It’s been a tumultuous decade, but Rick Riordan is finally everything is back At Percy Jackson and Hollywood. The creator of the popular book series was famously unimpressed with how Fox treated his characters in the two 2010 film adaptations Percy Jackson and the Olympians: The Lightning Thief and 2013 Percy Jackson and the Olympians: Sea of Monsters. But now he is much more confident Disney pleases him and the fans with the new Disney+ streaming series Percy Jackson and the Olympians.
“After the film experience, I basically wrote off Hollywood for a long, long time,” Riordan said diversity. “I didn’t really want to have anything to do with the film industry. For many years I said, “I don’t want to get involved.” I don’t want to think about other adjustments. I’m done.’ But when it became clear that something would happen to me or without me, I had a long chat with Becky, my wife. We said, ‘Well, if something were to happen, it’s probably best to try again.'”
The Disney+ series, which premieres on December 20th with two episodes, reportedly costs as much as The Mandalorian (up to $15 million per episode) and was co-developed with Riordan. One of the biggest changes is that Percy and his friends will be age-appropriate this time around. The films star 20-year-olds as young teenagers – but now real teenagers are playing the roles.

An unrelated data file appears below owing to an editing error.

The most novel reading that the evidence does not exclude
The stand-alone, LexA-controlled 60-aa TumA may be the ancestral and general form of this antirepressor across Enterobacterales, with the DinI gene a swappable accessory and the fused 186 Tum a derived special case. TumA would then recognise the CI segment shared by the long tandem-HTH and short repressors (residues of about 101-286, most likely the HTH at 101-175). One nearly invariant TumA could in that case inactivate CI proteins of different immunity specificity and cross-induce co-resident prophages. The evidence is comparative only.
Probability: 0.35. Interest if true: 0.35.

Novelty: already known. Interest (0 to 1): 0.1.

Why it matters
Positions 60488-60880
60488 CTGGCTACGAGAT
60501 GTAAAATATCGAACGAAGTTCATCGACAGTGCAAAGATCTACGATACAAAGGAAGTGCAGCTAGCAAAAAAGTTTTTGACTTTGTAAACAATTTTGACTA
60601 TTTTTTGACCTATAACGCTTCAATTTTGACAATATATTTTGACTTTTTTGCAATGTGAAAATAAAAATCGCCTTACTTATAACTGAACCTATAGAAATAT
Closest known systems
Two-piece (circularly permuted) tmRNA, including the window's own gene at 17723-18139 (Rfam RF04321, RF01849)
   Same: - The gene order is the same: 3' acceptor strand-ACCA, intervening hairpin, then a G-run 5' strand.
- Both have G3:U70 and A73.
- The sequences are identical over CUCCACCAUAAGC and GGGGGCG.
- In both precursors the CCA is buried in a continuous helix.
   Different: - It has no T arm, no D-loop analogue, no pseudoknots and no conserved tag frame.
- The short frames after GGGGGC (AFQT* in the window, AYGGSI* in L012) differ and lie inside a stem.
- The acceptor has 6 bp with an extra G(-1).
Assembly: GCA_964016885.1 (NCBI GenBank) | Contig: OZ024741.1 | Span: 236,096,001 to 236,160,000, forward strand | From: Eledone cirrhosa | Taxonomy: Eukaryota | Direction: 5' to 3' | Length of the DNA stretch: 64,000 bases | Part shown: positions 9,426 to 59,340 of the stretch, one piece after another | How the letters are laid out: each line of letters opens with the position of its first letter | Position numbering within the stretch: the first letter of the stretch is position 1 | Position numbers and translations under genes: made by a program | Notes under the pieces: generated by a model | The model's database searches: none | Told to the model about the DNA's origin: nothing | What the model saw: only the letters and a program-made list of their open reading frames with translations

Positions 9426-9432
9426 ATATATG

“Now, after going through the production process, I completely understand why they did that. “It’s a lot easier to work with older actors,” Riordan said, but he’s glad the show didn’t do that. “Once you have older teenagers, the dynamic is completely different. You lose so much of the wonder. A middle grader’s magic doesn’t work the same way. There’s a jaded teenage quality.” Riordan believes the new approach (he calls the new cast “perfect”) is much more in line with his intentions for the multi-book series and will satisfy fans who are dissatisfied with the way the films handle the story dealt with, were frustrated. And if the show is a success, the plan is to adapt as many of Riordan’s books as possible.
“We want them all,” Karey Burke, president of Disney’s 20th Television, told Variety. “Despite his previous film experience, he is a broad-minded thinker about his work. He doesn’t have a rigid interpretation of it. The other series he created that live in this world are all part of our universe that we can adapt.”
You can read much, much more about the world of Percy Jackson, including the cast, chemistry between the leads, and more. over at Variety. The piece definitely piqued my interest in the show. Disney seems to be treating it with the same respect and scope as its Marvel and Lucasfilm shows. That says a lot.
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